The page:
As government keeps coming up with ways to separate us to stop the spread of coronavirus, one of the casualties is likely to be public attendance at government meetings.
Last week, we supported in an editorial on Friday legislation proposed by downstate Sen. Brad Hoylman that would allow government bodies to hold their meetings online or through broadcast so that citizens, particularly senior citizens, wouldn’t be exposed to one another and potentially the coronavirus by attending meetings in purpose. The bill, which was written in consultation with the Committee on Open Government, included several safeguards to ensure that the public would be able to view meetings, that the suspension was temporary in that it only could take place during official states of emergency, and that citizens had the right to go to court should boards abuse the opportunity not to have people present to violate the Open Meetings Law.
On Friday, included in an executive order issued by Gov. Andrew Cuomo related to the coronavirus outbreak, was a similar measure. Under the order, the governor authorized public bodies to hold meetings remotely by “conference call or similar service” … “provided that the public has the ability to view or listen to such proceeding and that such meetings are recorded and later transcribed.” The order runs through April 11.
The executive order isn’t as comprehensive as the proposed legislation, nor does it articulate any of the same protections contained in Sen. Hoylman’s bill. So it’s much more possible under these circumstances that governments could take advantage of the opportunity to exclude the public in order to operate in secret. We hope that doesn’t happen, but one can never know what the government will do when given the opportunity to be sneaky.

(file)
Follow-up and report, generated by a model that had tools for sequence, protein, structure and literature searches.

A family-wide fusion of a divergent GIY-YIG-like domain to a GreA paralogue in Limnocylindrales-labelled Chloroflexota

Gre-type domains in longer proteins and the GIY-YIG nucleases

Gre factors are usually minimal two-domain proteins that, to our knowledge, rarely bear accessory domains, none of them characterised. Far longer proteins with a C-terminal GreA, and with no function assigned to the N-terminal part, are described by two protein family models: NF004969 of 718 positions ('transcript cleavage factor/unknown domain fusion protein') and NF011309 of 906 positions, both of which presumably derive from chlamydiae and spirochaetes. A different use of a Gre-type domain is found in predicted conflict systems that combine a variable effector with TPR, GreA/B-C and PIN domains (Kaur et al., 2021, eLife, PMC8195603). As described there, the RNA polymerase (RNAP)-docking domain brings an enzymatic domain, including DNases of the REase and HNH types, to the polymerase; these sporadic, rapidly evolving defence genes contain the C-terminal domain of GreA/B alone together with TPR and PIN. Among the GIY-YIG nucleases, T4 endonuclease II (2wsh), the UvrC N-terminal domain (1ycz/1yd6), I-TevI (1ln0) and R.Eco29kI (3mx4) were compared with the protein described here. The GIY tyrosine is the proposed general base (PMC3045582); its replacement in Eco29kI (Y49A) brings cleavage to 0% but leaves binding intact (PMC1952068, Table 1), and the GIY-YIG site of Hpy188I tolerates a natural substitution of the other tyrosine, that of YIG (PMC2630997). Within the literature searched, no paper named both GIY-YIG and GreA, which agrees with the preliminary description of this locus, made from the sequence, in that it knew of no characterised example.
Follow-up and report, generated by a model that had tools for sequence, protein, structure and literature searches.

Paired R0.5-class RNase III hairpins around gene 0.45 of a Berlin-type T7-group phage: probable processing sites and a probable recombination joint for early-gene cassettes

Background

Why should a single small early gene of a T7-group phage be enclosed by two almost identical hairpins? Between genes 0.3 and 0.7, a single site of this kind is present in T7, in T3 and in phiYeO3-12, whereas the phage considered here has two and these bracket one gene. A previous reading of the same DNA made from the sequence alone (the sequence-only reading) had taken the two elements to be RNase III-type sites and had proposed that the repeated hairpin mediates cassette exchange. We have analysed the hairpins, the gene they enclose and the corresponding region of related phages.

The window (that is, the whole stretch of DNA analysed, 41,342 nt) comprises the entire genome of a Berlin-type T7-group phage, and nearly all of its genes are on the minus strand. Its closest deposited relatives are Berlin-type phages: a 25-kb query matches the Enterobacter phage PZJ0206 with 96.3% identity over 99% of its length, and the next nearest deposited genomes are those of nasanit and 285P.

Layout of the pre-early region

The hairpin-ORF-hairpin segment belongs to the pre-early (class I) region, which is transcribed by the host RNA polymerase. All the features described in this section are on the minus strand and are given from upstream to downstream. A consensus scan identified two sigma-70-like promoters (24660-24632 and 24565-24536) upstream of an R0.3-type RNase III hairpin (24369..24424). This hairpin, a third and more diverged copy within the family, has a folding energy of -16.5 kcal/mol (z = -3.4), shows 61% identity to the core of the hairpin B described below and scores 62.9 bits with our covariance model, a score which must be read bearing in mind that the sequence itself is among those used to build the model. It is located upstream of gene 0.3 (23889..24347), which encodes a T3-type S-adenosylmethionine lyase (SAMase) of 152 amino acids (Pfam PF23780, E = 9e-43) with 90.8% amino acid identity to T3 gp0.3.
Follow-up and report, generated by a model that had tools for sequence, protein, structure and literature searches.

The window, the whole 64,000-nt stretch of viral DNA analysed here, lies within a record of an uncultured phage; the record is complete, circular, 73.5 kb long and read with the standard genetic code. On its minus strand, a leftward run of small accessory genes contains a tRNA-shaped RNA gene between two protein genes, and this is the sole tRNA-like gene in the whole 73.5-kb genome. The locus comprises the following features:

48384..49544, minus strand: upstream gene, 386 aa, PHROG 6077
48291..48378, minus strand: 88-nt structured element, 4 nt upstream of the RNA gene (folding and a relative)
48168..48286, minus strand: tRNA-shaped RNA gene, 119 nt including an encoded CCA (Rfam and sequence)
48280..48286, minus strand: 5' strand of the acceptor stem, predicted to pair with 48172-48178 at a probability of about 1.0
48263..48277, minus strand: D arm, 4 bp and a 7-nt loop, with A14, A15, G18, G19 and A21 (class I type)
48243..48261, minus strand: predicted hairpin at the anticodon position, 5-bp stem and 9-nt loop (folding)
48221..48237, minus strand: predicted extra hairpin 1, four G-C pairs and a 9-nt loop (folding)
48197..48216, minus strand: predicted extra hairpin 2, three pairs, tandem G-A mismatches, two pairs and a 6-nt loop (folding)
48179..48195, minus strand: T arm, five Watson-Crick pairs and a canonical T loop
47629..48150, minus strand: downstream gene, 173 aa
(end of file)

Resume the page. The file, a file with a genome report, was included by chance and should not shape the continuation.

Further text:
We’re prefer that the Legislature pass Sen. Hoylman’s bill. But given the abbreviated legislative session and the limited time lawmakers are giving themselves to pass a state budget and other more pressing legislation, I personally doubt they’re going to do pass it.
We’re all asked to make sacrifices in public emergencies like this. Let’s hope government transparency isn’t one of the casualties.
A reminder that this is Sunshine Week, the week that members of the media use to draw public attention to open government and the attempts by government officials to prevent the public from knowing what their government is doing. We know that you’ve got plenty of other things on your mind right now. But it’s important, particularly during this crisis, that we don’t let our Right to Know be taken away.
If you have any questions or concerns about the state Open Meetings Law, the state Freedom of Information Law (FOIL) or any government transparency issues, please email me any time at [email protected]
— Mark Mahoney, Editorial Page Editor